Two WCSU history professors publish books
DANBURY, CONN. — The identities of Irish Americans and the role of stepmothers are explored separately in two books published recently by Western Connecticut State University history professors Dr. Jennifer Duffy and Dr. Leslie Lindenauer.
Duffy’s “Who’s Your Paddy? Racial Expectations and the Struggle for Irish American Identity” is a cross-disciplinary examination of transformations of Irish identity as different generations of immigrants understood their Irish heritage in cultural terms or as a racial identity. In addition, it also looks at the struggle to reconcile their heritage with their understanding of what it might mean to be American. The book was published by NYU Press and is available at www.nyupress.org.
The daughter of Irish immigrants, Duffy said she started writing the book as part of her doctoral dissertation. She said the topic speaks to what it means to belong in the United States.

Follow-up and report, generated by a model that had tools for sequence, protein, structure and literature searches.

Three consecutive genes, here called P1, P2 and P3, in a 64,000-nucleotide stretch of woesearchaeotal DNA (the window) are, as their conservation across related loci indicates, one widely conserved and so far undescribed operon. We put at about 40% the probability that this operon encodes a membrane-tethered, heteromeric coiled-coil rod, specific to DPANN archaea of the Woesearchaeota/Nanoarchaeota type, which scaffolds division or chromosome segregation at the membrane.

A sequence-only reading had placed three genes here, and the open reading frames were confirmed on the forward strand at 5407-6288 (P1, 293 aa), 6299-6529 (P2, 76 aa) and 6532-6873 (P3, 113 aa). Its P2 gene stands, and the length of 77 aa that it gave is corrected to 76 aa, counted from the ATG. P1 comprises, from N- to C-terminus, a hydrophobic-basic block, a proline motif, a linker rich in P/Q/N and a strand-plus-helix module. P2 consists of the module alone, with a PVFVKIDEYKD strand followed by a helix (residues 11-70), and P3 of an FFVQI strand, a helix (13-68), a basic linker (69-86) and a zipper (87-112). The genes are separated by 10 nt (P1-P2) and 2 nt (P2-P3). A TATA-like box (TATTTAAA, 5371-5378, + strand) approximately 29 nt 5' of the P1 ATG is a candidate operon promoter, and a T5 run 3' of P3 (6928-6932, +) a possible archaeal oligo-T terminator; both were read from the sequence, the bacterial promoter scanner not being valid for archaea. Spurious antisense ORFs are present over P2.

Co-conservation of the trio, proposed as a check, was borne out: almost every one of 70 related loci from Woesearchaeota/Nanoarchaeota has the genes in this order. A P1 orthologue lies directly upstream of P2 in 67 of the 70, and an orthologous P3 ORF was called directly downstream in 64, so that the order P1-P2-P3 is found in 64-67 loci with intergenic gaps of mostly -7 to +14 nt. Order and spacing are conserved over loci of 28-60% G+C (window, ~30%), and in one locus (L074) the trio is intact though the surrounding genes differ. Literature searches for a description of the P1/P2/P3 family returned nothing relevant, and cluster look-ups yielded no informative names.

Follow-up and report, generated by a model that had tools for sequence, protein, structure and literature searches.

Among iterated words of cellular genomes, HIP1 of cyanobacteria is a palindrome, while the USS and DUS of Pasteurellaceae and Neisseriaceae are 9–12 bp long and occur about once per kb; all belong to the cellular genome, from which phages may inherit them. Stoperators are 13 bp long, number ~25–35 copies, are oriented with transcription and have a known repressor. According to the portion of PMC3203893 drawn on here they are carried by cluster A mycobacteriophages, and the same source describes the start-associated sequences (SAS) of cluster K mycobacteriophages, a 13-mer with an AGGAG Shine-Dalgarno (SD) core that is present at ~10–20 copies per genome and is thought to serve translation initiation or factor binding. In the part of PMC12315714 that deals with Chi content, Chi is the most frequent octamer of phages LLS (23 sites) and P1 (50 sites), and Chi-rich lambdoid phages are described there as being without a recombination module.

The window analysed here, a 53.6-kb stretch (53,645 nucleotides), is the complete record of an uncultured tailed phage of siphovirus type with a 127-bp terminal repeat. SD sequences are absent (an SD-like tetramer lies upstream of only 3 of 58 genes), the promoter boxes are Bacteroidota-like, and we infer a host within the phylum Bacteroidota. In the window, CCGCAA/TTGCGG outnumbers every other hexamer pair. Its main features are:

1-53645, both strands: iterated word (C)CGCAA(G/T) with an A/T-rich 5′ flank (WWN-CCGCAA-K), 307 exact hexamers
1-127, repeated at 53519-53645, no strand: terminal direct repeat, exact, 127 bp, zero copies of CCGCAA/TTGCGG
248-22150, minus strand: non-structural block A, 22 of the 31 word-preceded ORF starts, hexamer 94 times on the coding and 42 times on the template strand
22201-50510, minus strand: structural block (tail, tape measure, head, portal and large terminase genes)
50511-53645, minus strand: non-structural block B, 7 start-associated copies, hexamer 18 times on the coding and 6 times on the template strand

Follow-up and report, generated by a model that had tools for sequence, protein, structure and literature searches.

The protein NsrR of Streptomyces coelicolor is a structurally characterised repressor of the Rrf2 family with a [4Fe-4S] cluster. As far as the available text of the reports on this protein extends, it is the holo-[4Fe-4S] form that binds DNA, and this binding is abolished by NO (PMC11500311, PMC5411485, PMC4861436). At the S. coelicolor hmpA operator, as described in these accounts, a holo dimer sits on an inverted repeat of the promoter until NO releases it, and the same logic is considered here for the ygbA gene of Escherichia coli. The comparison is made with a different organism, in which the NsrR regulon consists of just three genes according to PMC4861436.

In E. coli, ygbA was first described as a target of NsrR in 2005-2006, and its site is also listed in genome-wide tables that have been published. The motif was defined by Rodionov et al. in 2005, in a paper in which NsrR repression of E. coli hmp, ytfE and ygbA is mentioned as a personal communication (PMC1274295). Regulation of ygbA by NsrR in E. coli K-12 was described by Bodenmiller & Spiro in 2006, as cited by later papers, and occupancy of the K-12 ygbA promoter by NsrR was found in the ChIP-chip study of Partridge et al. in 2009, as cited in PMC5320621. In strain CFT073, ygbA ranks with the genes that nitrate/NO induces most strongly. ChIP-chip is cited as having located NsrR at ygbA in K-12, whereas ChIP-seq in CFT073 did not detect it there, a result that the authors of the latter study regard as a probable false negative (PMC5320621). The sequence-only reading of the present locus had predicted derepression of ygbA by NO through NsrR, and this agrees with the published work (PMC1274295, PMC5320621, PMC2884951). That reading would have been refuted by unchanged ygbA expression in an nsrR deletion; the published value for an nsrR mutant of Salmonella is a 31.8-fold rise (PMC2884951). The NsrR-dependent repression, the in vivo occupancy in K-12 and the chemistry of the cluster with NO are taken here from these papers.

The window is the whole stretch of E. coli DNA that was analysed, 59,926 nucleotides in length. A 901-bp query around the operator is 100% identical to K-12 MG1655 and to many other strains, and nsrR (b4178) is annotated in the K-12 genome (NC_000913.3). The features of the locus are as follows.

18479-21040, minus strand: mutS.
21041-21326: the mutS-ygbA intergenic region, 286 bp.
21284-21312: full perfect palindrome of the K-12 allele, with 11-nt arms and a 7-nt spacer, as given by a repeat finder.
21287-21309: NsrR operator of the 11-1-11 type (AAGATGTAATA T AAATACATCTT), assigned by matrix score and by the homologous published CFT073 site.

“I consider the whole experience of being marginalized and how it shapes identity. What happens when the bullies become bullied,” Duffy said of her first published book. “I think my book not only speaks to an academic community but a broader community.”
Diane Negra of the University College Dublin called Duffy’s book “a significant contribution to the literature on Irishness in America.”
Lindenauer, author of “I Could Not Call Her Mother: The Stepmother in American Popular Culture,” argues in her book that cultural stereotypes about stepmothers emerge from shifting conceptions in America about the proper role of family and motherhood. She also looks at the how pervasive ideas critical of step-motherhood are actually manifestations of anxiety about the shifting obligations of women and mothers.
Lindenauer said the book suggests that in popular culture representations of the evil stepmother serve as a bellwether for changing ideas of what constitutes the ideal mother, the ideal family and ideal womanhood.
“My interest in stepmothers, so often portrayed as evil in popular culture, really started with an examination of the witch in popular culture, especially after witch accusations and trials had died out in America by the 18th century,” Lindenauer said. “I noticed that as the attention to the witch
as the epitome of an evil woman waned, she was replaced by the evil stepmother, not only in fairy tales, but in poetry, 19th century novels and advice literature, and, later on, in film.”
The book is available through Lexington Books at www.rowman.com.
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